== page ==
Date of Award

1-14-2007

Degree Type

Thesis

Degree Name

Master of Arts (MA)

Department

Political Science

First Advisor

Dr. Jennifer L. McCoy - Chair

Second Advisor

Dr. Henry Carey

Third Advisor

Dr. William Downs

Abstract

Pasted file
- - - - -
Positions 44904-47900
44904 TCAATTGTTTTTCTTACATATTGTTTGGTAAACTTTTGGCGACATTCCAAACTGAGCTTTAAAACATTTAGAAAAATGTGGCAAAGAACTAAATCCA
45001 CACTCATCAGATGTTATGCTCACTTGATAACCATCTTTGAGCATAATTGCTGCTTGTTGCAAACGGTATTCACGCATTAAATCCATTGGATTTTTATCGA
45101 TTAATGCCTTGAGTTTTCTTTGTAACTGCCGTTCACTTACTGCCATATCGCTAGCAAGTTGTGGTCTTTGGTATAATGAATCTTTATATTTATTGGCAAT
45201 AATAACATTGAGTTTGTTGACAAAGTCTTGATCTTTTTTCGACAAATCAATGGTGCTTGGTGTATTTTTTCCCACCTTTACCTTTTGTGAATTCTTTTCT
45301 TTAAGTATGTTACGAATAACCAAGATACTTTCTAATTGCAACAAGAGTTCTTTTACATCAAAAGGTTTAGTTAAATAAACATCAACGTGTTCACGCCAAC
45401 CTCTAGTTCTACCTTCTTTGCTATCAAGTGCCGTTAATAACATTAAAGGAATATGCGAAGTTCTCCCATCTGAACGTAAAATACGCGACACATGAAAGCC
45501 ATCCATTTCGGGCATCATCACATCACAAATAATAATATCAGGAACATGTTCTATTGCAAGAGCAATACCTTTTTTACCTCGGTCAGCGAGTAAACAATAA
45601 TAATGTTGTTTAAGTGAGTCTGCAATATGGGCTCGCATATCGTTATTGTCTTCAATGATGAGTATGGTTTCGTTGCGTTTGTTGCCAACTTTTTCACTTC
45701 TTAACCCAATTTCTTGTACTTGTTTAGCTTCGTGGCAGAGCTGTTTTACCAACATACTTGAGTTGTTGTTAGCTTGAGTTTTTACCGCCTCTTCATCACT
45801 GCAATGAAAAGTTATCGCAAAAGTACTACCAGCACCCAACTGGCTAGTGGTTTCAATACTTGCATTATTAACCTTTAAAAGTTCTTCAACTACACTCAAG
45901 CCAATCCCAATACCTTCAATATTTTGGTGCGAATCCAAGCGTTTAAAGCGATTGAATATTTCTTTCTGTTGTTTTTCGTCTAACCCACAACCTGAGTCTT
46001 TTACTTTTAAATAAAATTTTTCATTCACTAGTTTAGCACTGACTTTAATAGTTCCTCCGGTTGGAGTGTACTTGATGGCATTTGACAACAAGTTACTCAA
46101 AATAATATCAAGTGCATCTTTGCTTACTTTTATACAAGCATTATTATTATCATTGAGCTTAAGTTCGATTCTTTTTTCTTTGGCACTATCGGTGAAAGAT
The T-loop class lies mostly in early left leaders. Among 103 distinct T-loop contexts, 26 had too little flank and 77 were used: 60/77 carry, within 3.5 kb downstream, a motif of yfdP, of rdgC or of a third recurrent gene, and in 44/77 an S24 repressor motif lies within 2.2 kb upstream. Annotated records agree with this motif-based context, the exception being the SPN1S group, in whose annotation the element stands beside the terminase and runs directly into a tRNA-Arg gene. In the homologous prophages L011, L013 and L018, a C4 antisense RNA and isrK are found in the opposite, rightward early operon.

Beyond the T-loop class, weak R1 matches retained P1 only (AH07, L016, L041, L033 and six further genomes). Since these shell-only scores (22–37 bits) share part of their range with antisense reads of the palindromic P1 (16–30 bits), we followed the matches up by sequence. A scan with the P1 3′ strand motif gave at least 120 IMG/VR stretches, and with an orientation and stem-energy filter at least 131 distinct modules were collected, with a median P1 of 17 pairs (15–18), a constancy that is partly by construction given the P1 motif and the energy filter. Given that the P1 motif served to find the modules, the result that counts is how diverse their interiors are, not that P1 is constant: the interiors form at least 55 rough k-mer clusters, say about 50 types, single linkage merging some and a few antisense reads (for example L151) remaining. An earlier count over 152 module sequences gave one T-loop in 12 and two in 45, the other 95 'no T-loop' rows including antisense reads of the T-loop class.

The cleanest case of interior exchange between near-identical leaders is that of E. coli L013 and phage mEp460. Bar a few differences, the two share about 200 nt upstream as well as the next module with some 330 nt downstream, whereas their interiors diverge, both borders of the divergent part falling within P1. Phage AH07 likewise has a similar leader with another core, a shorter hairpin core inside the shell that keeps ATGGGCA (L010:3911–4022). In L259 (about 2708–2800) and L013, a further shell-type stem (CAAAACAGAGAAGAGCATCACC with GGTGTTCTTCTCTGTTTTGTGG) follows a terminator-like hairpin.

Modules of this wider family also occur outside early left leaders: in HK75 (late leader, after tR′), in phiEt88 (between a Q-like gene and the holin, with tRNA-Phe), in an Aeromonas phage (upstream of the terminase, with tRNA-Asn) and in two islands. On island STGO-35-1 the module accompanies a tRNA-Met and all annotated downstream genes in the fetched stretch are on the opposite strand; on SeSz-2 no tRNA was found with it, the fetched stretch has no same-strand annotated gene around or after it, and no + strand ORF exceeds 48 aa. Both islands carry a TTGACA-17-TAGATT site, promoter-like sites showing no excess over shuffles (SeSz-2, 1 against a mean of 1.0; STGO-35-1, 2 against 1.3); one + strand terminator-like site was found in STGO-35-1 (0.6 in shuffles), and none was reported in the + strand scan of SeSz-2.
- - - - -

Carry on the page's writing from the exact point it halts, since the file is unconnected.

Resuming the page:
This thesis examines the impact that third-party identity and techniques have on mediation outcome. The roles of the OAS and the Carter Center in the negotiations between the Venezuelan government and the opposition (DC), during the period 2002-2003, and the implementation of the agreement in 2004 are compared as representing track I and track II actors and styles. Using a process-tracing methodology, five conflict mappings and stages of conflict are combined with the results of focused interviews to main participants of the negotiation process. The analysis shows a significant impact of third-party identity and strategies on the outcome of mediation. Moreover, the outcome is more likely to be successful when track II actors, actually track I ½, participate as mediators in the actual negotiations. The most effective strategies used by third parties, dependent on the timing of the intervention and the stage of conflict, are communication and formulation strategies.

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